When I was a fourth grade teacher many, many years ago in England we changed from one reading test to another one year without changing anything else; the reading program and the way I taught children to read remained exactly the same. The most incredible thing happened. All my students' reading abilities improved by more than a year. In other words, my fourth graders looked like they were suddenly reading as well as fifth graders. What a remarkably effective teacher I must have been that year. Not really since I did nothing differently. It was because the reading test was clearly easier or standardized differently from the previous one. This was my first experience of tests measuring other tests.  

In fact this very same phenomenon is mentioned at the end of the Hechinger report of the PISA results in these words:

"However, one test released last week —  the 2015 Trends in International Mathematics and Science Study (TIMSS) — showed a surprising gain for the U.S. in 8th grade math.  Historically, PISA and TIMSS tests have shown contradictory results for Eastern European countries and Russia, as they perform much better on TIMSS than on the PISA test. Scholars will need to explain the divergence for the U.S. this past year".

The PISA and TIMMS tests are clearly different and measure different things in maths. It is so easy to point fingers when you see bare test results such as these reported in the media but there are so many other things to consider. 

Take the maths, for example. Maths is not the same the world over. There are vast differences in the math itself before you even start to teach it. In most Asian countries, for example, the numbering system is so much easier for young children to learn than it is in the US. The teen numbers follow  the pattern ten-one, ten-two, ten-three and so on rather than the difficult eleven, twelve, thirteen, etc system we use. Look at which countries are at the top of the PISA table! In some countries such as Singapore children are given vast amounts of homework to do each night and not all children have the opportunity to attend public schools. There are differences in the sizes and cultural diversity of the countries being compared which can all affect score averages on a simple test. 

Like pretty much everything in our lives we can probably do better in maths education but we need to use caution when comparing test scores obtained from students in vastly differing cultures.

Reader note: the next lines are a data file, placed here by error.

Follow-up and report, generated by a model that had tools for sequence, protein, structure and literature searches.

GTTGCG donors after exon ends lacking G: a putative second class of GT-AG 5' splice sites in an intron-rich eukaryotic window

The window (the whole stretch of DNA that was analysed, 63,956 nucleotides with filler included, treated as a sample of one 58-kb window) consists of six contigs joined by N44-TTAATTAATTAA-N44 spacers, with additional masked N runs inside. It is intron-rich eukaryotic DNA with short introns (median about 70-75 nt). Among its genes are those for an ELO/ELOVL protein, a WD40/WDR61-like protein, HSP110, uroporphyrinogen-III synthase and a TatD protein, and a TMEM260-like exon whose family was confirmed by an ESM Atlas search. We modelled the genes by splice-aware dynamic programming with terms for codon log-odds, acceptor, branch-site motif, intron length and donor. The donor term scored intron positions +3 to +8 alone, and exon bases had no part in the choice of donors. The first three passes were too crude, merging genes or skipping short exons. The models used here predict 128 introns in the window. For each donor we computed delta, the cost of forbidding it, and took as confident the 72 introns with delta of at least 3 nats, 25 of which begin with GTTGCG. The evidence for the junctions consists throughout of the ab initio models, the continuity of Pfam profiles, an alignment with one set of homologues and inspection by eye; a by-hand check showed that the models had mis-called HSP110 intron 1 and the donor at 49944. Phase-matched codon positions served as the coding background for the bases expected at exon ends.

Saturday, December 3, 2016

Maths Is Easier When You Understand It.

I sometimes wonder just what we have to do in maths education to demonstrate that things are more easily remembered, used and developed if the learner understands what she/he is learning. This interesting piece of recently published research supports, for at least the millionth time,  that when students learn conceptual knowledge, along with procedural knowledge of maths, it is much, much, much, more effective. The neat thing about this piece of research is that it is for high school maths which has tended to lag behind the research on this topic at the elementary school level.

Probably the best way to distinguish between the two types of knowledge is the idea of pi. If I were to ask you what pi is you would probably say "3.14 but that's all I can remember". If that's all you know about pi then you have a small piece of procedural knowledge that you can plug into equations to find the area or circumference of a circle. Now, imagine that you have some conceptual knowledge to go with this. For example, knowing that pi is a ratio between the diameter and circumference of a circle would be immensely helpful to learning all sorts of more advanced maths. It would also be helpful for doing things in one's daily life. The fact that pi is a ratio means it is just over three times further around a circle than it is across the middle of that circle. If you think of pi as a fraction, 22/7, then the circumference could be 22 inches, or feet, or miles, and the diameter would be 7 inches, feet, or miles.

If I asked you to count by fives you would probably say, "5, 10, 15, 20, 25" etc assuming that I meant you to start at 0. So try counting by fives again starting at 3. The first few will be tough but you'll soon see the repeating pattern of 3s and 8s. Seeing the pattern is a piece of conceptual knowledge because you are applying your conception of counting by 5s and 10s rather than just parroting the numbers.

We have long known that conceptual knowledge of maths is as crucial to learning maths as procedural knowledge. Jo Boaler, the amazing Stanford professor and founder of YouCubed  was one of the first to demonstrate the importance of conceptual knowledge in a wonderful piece of research when she was at Liverpool University in the UK. She discovered that elementary aged students who were taught conceptual knowledge along with procedural knowledge did much better in high school maths that those who were only taught procedural knowledge at the elementary school, One of the interesting findings of her study, if I remember correctly, was that the conceptual/procedural knowledge taught students didn't. do as well on the end of elementary school maths tests as the procedural knowledge only taught students. The reason: the tests only tested the students' procedural knowledge of maths; a problem we still grapple with today.